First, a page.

He died in his sleep.
Aaron played the majority of his career with the Milwaukee/Atlanta Braves and was inducted into the Hall of Fame in 1982.
Milwaukee's final move to Atlanta happened in 1966.
Aaron grew up in Mobile, Alabama, with stints in the Negro Leagues and the minor leagues before playing with the Braves.
It's with that team that he morphed into the legend we know today.
According to the National Baseball Hall of Fame, 1957 was arguably Aaron's best season when he captured the National League MVP and led the Braves to their first World Series Championship since 1914.
But his time in the national spotlight was still to come, when in 1974 he made history, hitting his 715th career home run.
The feat broke Babe Ruth's record of 714 home runs.
Aaron's historic moment was called by Hall of Fame broadcaster Milo Hamilton, who called Houston Astros games for decades.
That's not the only way Aaron's name has been tied to Houston.
In 2017, shortly before the Astros won the World Series, second baseman Jose Altuve won the American League Hank Aaron Award, which is given to the top offensive performer in the American League.
Two years later, Aaron would return to Houston and Minute Maid Park when he was part of ceremonial and off-field activities for Game 2 of the 2019 World Series.
At that time, the Fall Classic was between the Astros and the Washington Nationals.
Aaron appeared for the on-field trophy presentation for the winners of the 2019 Hank Aaron Award.
Astros manager Dusty Baker even played with Aaron as a young major leaguer after Baker signed with the Braves.
"I got to know Hank Aaron. Before I signed, he promised my mom he'd take care of me as if I was his own son. I was always with Hank. That's an experience I wouldn't trade for anything, and that's why I know God put me in a situation for a purpose," Baker said in a June 2020 Sports Illustrated article.
Baker was even there for the historic night that Aaron surpassed Ruth in home runs.
Baker reacted to news of Aaron's death Friday morning, saying that Aaron was "second only to my dad, and my dad meant the world to me."
Astros manager Dusty Baker, reached this morning in California, was devastated to learn of the passing of friend and mentor Hank Aaron, saying: "He was second only to my dad, and my dad meant the world to me." pic.twitter.com/x0P5MNfDmc— Brian McTaggart (@brianmctaggart) January 22, 2021
Here is Baker's official statement. The Astros also called Aaron "one of the most influential figures in our nation's history. His impact on society transcended sports."
Astros manager Dusty Baker, who was a teammate and close friend to Hank Aaron, released the following statement: pic.twitter.com/zghFSWKFR8— Houston Astros (@astros) January 22, 2021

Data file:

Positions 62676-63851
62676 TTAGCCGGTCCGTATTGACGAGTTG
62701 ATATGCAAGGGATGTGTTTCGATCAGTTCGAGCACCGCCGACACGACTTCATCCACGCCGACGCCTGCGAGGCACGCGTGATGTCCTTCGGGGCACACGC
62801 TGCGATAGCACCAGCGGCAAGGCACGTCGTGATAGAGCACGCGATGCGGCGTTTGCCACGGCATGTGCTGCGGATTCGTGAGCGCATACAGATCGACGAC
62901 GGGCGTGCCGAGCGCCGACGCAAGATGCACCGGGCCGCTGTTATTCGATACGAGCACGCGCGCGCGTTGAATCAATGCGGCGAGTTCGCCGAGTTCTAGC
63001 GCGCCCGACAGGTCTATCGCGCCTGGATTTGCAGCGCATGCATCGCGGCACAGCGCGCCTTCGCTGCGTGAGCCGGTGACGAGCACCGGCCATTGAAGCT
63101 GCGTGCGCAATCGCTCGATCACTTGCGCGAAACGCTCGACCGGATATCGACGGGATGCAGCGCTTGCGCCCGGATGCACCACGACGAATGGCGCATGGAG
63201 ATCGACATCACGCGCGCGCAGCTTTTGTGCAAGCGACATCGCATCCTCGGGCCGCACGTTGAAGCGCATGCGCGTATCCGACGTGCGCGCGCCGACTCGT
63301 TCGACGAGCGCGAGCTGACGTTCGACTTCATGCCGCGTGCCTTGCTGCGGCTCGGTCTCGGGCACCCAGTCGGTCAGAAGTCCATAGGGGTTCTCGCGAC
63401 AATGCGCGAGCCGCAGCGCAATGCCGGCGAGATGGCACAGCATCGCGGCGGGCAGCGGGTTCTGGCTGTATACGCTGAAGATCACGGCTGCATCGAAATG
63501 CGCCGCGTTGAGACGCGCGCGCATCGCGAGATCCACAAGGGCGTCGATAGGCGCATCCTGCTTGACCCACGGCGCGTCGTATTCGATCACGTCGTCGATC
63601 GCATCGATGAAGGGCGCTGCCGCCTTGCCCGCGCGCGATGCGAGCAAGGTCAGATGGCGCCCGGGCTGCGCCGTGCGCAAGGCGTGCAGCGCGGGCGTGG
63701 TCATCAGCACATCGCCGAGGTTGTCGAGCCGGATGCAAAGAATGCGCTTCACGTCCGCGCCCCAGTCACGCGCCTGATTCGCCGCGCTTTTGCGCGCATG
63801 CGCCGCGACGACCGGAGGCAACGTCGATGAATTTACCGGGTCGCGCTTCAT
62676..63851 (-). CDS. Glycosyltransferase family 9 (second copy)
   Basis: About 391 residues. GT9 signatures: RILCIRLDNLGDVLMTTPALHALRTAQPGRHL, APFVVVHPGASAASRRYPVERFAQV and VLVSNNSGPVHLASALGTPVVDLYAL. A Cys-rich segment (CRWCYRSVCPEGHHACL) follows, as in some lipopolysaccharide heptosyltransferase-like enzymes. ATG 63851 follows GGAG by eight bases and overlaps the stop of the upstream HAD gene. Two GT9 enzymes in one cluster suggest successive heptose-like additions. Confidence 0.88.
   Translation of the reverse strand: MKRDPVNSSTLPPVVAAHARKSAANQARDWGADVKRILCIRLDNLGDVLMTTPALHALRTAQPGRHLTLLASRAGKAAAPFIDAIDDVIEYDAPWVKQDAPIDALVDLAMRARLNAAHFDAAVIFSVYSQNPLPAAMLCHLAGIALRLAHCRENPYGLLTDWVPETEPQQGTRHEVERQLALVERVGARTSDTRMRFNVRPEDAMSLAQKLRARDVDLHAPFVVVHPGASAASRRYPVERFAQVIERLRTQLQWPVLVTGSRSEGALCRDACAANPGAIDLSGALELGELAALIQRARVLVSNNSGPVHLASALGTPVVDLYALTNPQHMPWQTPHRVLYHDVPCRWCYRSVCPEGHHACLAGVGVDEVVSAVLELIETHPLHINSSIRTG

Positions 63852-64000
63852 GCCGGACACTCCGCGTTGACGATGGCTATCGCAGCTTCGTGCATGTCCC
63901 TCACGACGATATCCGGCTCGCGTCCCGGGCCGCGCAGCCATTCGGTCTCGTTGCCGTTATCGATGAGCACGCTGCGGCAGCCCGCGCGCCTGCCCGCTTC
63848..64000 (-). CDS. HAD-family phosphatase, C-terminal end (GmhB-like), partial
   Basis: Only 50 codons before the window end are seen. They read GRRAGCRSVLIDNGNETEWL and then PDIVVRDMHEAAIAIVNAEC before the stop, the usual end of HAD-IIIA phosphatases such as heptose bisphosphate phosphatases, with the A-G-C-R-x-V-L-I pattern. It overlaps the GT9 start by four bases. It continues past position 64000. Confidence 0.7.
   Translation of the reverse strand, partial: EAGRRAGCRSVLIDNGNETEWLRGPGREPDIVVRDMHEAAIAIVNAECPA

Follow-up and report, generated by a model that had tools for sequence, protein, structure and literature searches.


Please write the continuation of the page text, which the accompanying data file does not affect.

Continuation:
But his time here goes back even further than that.
Archive photos show the moments when Aaron was congratulated by his teammates at the Astrodome because he'd hit his 712th home run on Sept. 22, 1973.
Aaron's blast at the time came with two men on and was his first home run in the Astrodome that year.
Aaron's impact has clearly been felt as tributes started to pour in for the late baseball icon.
Former Houston Rockets general manager and current Philadelphia 76ers president Daryl Morey wrote that his father took him to his first baseball game to make sure he saw Hank Aaron before he retired.
My Dad took me to my first baseball game to make sure I saw Hank Aaron before he retired. I was so young I barely remember it except my Dad telling me over and over "there he is!" - Rest in Peace— Daryl Morey (@dmorey) January 22, 2021
Veteran journalist Dan Rather wrote, "A slugger has rounded the bases for the last time. Hank Aaron was a trailblazer and a hero who had to stare down hatred. He was also one of the best ballplayers to ever play the game."
A slugger has rounded the bases for the last time. Hank Aaron was a trailblazer and a hero who had to stare down hatred. He was also one of the best ballplayers to ever play the game. He was a joy to watch and a marvel to behold. May he Rest In Peace.— Dan Rather (@DanRather) January 22, 2021
Here are a few more tributes.
One of the best to ever play our game.— MLB Network (@MLBNetwork) January 22, 2021
MLB Network mourns the passing of Hank Aaron. pic.twitter.com/SJVCidT8w0
A legend on and off the ball field... the best to ever do it... RIP Mr Hank Aaron 🙏🏿 #44 pic.twitter.com/3LH6iB9auV— David Ortiz (@davidortiz) January 22, 2021
"I don't want them to forget Ruth, I just want them to remember me." - Hank Aaron pic.twitter.com/Uon8dEwnJJ— Grant McAuley (@grantmcauley) January 22, 2021
According to WSB in Atlanta, Aaron's family was so poor, they couldn't afford baseball equipment. He honed his skills by hitting bottle caps with sticks.
But clearly, nothing could stop his talent.
Aaron remains baseball's all-time leader in RBI (2,297) and total bases (6,856).
Aaron's final tweet was Jan. 5, when he and civil rights leaders got vaccinated for COVID-19 at the Morehouse School of Medicine in Georgia.
His hope was to send a message to Black Americans that the shots are safe, telling the Associated Press, getting vaccinated "makes me feel wonderful."
I was proud to get the COVID-19 vaccine earlier today at Morehouse School of Medicine. I hope you do the same! https://t.co/RAlkmkCRra— Hank Aaron (@HenryLouisAaron) January 5, 2021
Aaron is survived by his wife, Billye, and five children, Gaile, Hank Jr, Lary, Dorinda and Ceci. The family asks for privacy at this time.